There are numerous tools available to assess coping strategies used by children and adolescents. Many of the existing measures are widely used within diverse settings, often outside of the populations within which the measures were developed. Given the varying use of coping strategies among different populations, there is a need to ascertain the validity and reliability of measurement tools used within particular settings. The current study examines the initial psychometrics of the Self-Report Coping Measure (SRCM), originally developed by Causey and Dubow (J Clin Child Adolesc Psychol 21(1): 47–59, 1992), and investigates the psychometric properties of the SRCM in a school-based, low-income, minority urban sample within six elementary schools. Students in 3rd through 8th grade (N = 298) completed the SRCM as part of a larger implementation trial. Confirmatory factor analysis was utilized to assess for fit with four previously validated models of coping factor structure. None provided adequate fit. Consequently, we conducted exploratory analyses, which suggested a three-factor solution with 28 items. Evaluation of convergent validity via correlations with subscales on the Teacher Report Form provided initial support for the validity of the scale. We then examined coping strategy use descriptively in this low-income, school-based population. No differences were found by race/ethnicity or gender; however, children in higher grade levels were less likely to use coping strategies across all factors, including both adaptive and maladaptive strategies. Implications and limitations for use of the SRCM in a low-income, minority school-based population are discussed.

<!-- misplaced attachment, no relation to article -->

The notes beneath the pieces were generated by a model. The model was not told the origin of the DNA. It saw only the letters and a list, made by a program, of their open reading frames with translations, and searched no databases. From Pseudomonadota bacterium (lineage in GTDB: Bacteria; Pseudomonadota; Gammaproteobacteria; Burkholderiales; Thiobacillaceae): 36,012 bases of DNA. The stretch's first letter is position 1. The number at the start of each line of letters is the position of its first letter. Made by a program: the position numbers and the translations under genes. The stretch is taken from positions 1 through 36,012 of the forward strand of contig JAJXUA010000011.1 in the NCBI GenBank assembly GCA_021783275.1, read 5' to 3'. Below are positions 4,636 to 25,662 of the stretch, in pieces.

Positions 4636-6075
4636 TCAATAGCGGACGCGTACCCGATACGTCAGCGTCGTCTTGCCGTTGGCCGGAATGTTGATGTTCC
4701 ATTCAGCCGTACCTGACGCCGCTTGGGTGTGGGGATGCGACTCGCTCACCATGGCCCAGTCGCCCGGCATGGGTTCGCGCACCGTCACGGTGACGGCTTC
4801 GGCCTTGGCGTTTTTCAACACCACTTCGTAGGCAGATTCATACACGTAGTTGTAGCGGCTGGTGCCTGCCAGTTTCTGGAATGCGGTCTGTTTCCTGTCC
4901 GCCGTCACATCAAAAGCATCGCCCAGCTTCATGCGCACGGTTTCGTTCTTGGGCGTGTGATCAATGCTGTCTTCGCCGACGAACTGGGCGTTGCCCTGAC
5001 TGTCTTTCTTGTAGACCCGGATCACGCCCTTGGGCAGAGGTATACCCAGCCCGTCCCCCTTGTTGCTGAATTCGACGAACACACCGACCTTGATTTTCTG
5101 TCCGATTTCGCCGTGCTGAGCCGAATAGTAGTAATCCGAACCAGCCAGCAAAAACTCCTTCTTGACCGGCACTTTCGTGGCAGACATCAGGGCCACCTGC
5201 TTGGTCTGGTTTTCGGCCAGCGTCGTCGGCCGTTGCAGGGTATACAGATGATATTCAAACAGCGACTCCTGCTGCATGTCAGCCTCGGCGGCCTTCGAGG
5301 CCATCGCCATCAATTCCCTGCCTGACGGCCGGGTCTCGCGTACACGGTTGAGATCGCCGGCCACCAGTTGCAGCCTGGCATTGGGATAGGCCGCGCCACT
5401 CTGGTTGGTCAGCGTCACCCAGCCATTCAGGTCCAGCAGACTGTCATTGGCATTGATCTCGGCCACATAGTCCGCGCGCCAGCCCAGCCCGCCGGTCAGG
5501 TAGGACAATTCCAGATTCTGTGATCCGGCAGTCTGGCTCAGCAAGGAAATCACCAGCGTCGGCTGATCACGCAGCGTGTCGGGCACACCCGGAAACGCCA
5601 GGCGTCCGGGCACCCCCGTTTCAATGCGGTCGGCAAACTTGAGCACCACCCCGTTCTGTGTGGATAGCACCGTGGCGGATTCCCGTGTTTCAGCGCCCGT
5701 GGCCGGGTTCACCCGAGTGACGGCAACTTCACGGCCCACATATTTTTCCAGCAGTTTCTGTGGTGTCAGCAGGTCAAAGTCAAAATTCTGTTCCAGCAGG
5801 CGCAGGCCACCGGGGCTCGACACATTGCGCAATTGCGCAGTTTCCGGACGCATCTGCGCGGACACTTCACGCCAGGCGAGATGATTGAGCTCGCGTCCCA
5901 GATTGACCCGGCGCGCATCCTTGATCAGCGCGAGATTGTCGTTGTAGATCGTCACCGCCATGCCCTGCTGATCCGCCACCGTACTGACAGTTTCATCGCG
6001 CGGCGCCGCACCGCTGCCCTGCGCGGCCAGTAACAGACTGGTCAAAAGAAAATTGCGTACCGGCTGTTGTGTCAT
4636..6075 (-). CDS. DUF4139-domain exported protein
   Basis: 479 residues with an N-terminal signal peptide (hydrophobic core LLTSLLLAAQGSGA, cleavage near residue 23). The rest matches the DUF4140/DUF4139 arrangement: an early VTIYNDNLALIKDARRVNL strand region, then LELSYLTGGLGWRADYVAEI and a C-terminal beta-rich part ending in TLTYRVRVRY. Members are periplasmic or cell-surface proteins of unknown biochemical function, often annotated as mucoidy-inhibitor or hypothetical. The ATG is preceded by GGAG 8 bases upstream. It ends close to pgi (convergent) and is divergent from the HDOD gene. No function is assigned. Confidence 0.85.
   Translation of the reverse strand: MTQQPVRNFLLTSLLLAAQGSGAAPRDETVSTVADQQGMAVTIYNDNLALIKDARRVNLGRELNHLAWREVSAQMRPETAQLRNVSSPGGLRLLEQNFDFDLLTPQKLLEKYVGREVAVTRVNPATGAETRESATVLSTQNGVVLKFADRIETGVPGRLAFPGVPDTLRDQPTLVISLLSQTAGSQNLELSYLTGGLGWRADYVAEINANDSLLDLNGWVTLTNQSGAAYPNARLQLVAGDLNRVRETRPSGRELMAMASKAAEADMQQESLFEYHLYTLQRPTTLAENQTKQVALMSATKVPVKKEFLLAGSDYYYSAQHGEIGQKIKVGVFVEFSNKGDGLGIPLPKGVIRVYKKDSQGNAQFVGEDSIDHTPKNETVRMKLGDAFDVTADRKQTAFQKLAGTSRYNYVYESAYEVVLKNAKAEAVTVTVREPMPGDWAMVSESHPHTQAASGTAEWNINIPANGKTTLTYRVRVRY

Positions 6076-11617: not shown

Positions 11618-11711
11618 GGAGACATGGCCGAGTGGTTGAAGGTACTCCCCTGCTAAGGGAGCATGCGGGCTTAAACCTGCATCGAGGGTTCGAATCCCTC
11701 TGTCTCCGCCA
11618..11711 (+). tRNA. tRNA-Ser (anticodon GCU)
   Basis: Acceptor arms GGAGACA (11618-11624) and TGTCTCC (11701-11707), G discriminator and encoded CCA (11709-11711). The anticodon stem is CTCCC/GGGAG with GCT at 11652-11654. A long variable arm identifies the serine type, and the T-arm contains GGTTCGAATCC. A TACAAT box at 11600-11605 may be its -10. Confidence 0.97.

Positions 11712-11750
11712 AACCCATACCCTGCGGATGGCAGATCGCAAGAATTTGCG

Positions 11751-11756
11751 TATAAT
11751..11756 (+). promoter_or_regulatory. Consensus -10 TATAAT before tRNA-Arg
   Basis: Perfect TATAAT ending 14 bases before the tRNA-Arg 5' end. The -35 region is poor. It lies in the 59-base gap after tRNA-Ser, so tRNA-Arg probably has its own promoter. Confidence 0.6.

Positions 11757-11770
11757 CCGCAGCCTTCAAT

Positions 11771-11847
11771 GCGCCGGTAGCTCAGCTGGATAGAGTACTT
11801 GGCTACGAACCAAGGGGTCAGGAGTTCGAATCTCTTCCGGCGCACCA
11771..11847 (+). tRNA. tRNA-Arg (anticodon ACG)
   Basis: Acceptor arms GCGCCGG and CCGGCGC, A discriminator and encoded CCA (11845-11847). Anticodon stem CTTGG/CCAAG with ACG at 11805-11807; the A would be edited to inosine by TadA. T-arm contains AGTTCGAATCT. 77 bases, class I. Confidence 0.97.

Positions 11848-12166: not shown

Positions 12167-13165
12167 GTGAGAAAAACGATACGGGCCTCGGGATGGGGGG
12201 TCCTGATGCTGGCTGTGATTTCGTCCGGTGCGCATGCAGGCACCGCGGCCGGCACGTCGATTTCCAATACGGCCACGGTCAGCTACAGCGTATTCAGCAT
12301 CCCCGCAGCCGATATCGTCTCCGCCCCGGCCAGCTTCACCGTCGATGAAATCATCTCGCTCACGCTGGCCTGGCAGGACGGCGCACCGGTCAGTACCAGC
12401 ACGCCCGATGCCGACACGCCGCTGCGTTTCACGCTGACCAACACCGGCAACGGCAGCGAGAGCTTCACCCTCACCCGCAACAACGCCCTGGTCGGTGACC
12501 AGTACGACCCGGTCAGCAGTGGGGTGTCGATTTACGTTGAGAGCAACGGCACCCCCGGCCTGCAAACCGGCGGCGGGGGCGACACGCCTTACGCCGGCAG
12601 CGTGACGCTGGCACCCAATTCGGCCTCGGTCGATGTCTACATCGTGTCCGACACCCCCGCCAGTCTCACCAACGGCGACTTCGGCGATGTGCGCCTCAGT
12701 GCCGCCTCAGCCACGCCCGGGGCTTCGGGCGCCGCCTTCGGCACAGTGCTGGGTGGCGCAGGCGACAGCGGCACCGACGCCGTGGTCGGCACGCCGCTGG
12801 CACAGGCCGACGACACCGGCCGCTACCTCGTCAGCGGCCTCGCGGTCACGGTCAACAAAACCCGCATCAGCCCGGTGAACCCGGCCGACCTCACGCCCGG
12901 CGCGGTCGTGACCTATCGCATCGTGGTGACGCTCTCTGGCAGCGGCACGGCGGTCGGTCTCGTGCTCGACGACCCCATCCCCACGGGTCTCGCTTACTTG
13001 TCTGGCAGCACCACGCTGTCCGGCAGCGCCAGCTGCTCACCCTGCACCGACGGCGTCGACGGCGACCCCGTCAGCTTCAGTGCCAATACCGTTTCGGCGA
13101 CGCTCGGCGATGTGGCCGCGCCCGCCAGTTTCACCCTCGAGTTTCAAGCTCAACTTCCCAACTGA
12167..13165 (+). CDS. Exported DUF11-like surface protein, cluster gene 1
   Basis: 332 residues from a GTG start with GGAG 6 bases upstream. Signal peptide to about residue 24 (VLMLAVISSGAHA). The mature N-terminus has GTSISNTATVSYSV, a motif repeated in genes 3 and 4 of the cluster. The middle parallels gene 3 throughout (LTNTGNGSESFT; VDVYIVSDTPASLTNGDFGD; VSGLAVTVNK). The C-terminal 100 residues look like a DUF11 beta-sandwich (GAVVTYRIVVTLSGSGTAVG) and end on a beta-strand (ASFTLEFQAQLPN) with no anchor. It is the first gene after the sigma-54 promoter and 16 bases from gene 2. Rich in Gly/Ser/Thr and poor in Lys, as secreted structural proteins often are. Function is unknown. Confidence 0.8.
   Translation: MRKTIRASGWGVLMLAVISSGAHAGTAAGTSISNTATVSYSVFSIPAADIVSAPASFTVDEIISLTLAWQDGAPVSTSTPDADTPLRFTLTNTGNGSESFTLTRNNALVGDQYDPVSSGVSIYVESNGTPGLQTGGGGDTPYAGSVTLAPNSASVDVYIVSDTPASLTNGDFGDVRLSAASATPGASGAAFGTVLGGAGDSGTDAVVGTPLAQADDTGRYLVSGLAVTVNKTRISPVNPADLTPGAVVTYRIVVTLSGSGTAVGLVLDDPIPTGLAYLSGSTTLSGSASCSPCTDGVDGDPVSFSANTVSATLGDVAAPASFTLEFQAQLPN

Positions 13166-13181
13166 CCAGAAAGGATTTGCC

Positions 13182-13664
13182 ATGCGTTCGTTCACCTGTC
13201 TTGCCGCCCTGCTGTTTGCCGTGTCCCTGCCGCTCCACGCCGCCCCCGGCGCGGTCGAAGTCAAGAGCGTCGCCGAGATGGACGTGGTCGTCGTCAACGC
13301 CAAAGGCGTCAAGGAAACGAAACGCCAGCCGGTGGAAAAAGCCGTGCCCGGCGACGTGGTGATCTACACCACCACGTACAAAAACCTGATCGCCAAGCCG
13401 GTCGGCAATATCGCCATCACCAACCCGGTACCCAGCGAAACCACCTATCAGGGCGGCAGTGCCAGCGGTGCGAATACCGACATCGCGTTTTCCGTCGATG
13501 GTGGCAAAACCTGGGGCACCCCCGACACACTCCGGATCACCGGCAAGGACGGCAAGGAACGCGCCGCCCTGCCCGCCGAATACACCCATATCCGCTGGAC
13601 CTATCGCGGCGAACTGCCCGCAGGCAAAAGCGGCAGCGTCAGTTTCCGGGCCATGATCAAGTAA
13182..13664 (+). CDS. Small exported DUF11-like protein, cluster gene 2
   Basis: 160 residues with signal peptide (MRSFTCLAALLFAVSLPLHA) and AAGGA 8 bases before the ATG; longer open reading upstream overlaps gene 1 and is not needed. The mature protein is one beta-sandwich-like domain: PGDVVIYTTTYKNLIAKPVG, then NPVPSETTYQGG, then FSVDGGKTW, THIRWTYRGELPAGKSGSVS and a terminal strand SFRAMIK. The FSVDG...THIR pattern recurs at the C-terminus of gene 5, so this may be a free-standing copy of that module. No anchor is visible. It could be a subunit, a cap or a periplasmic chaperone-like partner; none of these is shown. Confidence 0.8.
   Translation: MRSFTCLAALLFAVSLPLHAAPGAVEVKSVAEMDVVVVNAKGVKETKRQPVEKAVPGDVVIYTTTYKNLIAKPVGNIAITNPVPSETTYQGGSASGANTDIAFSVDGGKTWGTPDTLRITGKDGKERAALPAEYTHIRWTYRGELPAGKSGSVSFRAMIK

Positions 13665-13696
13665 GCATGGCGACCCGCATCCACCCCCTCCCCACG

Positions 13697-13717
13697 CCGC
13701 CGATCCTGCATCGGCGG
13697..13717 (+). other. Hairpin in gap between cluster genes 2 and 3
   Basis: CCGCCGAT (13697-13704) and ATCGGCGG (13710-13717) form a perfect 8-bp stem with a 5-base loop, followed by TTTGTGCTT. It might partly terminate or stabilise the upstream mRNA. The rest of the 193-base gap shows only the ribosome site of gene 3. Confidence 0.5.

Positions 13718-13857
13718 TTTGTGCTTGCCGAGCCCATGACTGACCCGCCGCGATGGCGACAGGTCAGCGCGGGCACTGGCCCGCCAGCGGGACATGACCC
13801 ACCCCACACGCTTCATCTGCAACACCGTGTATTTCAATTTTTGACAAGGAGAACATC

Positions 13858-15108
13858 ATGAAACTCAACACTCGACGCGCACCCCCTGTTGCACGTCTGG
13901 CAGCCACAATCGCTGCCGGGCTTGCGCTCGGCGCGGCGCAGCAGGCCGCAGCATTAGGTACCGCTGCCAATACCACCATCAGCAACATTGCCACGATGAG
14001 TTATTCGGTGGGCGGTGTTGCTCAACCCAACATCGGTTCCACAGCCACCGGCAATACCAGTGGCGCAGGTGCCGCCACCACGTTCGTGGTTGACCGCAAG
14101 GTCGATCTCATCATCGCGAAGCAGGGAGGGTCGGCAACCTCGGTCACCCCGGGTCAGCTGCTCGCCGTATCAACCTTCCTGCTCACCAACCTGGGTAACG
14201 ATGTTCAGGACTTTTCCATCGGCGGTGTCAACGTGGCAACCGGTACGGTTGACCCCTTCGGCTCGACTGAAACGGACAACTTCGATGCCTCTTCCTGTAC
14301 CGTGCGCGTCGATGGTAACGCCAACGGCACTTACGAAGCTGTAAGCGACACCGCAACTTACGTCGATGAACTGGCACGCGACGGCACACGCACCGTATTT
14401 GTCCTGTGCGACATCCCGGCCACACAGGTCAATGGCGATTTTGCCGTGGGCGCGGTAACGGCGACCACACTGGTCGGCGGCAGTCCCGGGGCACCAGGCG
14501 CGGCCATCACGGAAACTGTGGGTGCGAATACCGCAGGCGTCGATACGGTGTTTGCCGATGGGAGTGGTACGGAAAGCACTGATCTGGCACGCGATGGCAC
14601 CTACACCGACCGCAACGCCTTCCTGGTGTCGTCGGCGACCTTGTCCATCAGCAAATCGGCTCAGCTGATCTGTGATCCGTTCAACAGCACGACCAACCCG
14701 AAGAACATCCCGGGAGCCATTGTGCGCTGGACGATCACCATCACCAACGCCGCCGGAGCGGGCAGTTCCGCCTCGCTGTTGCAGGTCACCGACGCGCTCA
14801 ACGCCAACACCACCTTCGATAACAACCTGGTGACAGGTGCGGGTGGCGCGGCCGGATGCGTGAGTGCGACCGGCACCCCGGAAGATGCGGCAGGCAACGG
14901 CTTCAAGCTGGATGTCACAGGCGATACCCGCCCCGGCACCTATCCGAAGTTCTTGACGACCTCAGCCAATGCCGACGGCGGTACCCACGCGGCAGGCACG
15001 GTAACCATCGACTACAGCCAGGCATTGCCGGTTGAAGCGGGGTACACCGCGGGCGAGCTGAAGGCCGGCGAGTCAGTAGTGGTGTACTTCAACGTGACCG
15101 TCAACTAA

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The study was funded by The Eunice Kennedy Shriver National Institute of Child Health and Human Development (NICHD) (R01 HD073430).
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The senior author has received research funding from NICHD. No other authors have conflict of interest.
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Swift, L.E., Orapallo, A., Kanine, R.M. et al. The Self-Report Coping Measure in an Urban School Sample: Factor Structure and Coping Differences. School Mental Health 12, 99–112 (2020). https://doi.org/10.1007/s12310-019-09332-2
- Factor analysis
- Urban schools